Saudi Arabian Military Industries aims to export weapons, says Chief Strategy Officer

Walid Abukhaled, Chief Strategy Officer at SAMI. (supplied)
Updated 01 September 2019

Saudi Arabian Military Industries aims to export weapons, says Chief Strategy Officer

  • CSO says SAMI wants to become one of the top 25 military companies by 2030
  • Company also looking to fill the large domestic demand for military equipment

JEDDAH: Saudi Arabia aims to be an arms exporting country, said Walid Abukhaled, the newly appointed Chief Strategy Officer at Saudi Arabian Military Industries (SAMI).

He said that SAMI wants to become one of the top 25 military companies by 2030 and is looking to fulfill the large domestic demand for military equipment.

“The opportunity to localize military equipment at all stages — from manufacturing, maintenance and support — is promising. We’re keen to design and build equipment inside the Kingdom with local minds and manpower,” Abukhaled said.

Although Saudi Arabia is not experienced in the military industry, the Kingdom’s Vision 2030 reform plan has goals in this field. 

“The shortage of experience and manpower is one of the obstacles that can be overcome. I see it as an opportunity to attract the youth in the Kingdom to the defense industry,” he added.

We will satisfy the demand at home and with our allies in the Gulf Cooperation Council before we export to the world.

Walid Abukhaled, Chief Strategy Officer at SAMI

Abukhaled said that SAMI is working on initiatives with the General Authority for Military Industries (GAMI) to ensure the industry has the right atmosphere for companies to operate.

“The supply chain of military companies is a major initiative to support the infrastructure of the industry. We’re working with GAMI to have that in place to ensure that big companies can work smoothly,” he added.

Commenting on future plans, Abukhaled told Arab News that SAMI is planning to be a global source of defense equipment.

“The Saudi defense budget is one of the largest in the world and demand for the Kingdom’s equipment is very high. We will satisfy the demand at home and with our allies in the Gulf Cooperation Council before we export to the world,” he added.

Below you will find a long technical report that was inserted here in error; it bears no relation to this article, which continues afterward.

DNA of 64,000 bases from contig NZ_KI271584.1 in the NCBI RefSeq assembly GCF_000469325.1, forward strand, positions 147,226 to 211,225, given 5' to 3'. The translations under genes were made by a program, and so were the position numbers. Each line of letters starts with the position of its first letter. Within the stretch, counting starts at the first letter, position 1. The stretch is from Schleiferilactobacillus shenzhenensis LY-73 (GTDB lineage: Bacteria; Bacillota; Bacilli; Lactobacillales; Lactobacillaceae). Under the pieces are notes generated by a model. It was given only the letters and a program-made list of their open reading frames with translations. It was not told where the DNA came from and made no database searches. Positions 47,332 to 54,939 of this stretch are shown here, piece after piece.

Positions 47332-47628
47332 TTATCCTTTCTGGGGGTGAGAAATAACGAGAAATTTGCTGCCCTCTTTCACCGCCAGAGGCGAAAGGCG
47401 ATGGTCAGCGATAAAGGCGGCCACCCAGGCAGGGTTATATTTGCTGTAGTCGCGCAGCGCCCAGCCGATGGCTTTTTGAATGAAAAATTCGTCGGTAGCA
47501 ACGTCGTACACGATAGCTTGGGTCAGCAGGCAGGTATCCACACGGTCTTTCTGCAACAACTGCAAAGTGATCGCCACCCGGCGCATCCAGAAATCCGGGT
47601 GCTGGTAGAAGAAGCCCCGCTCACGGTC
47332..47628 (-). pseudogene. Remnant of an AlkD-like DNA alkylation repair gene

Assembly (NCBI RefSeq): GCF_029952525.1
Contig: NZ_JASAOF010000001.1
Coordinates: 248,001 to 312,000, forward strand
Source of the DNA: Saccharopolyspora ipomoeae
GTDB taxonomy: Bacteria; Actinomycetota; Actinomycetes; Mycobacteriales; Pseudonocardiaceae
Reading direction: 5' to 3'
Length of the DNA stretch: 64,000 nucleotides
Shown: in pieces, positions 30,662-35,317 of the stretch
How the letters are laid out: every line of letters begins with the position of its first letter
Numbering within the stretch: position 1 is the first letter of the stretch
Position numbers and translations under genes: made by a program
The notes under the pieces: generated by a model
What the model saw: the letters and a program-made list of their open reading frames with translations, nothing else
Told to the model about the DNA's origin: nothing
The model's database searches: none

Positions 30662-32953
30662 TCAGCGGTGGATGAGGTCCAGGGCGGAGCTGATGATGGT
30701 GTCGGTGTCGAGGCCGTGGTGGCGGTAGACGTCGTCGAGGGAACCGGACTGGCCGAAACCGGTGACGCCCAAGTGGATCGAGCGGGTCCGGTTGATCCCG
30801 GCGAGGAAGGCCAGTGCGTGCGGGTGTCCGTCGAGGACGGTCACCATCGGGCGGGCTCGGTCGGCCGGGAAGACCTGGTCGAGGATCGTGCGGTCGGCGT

Abukhaled told Arab News that the Kingdom needs to introduce defense and aerospace education for new generations.

“I think it’s important to partner with the Technical and Vocational Training Corp. We need the local Saudi commission who are able to support sophisticated military equipment on the ground,” he said.

SAMI is hoping to collaborate with industries related to defense. Abukhaled said that “the future is about electronic warfare and cybersecurity. We must work with GAMI, the Ministry of Education and Saudi universities to find students that will enhance our industry.”

 

 

Addendum: The headline of a previous version of this article inaccurately referred to Mr.Abu Khaled as the CEO of SAMI for Strategy and Development, his correct title is Chief Strategy Officer.


KSRelief dispatches help for Lebanese medical teams treating explosion victims 

Updated 05 August 2020

KSRelief dispatches help for Lebanese medical teams treating explosion victims 

RIYADH: The King Salman Humanitarian Aid and Relief Center (KSRelief) has assisted Lebanese medical teams treating victims of the Beirut explosion on Tuesday.

Emergency teams from the Souboul Al Salam Relief Team, which is funded by KSRelief, went from north of Lebanon to Beirut to support medical teams on the ground. 

Another team from Al-Amal Medical Center, also funded by KSRelief, provided emergency health care services and started a blood donation campaign to meet the demand of Beirut hospitals.

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The prime minister of Lebanon, which is already struggling with an economic crisis and battling COVID-19, has made a desperate plea for help following Tuesday’s deadly explosions.
Kuwait said it has delivered medical aid and other essentials by a military plane on Wednesday morning.
The World Health Organization and the International Federation of Red Cross and Red Crescent Societies were sending 40 tonnes of medical supplies, including personal protective equipment to Beirut on a flight paid for by Dubai-based International Humanitarian City, a hub for humanitarian emergency preparedness and response, a WHO representative said.
"We are offering medical trauma kits and surgical kits containing things such as syringes, bandages and surgical gowns," said Nevien Attalla, operations manager for the WHO's Dubai hub.

*With agencies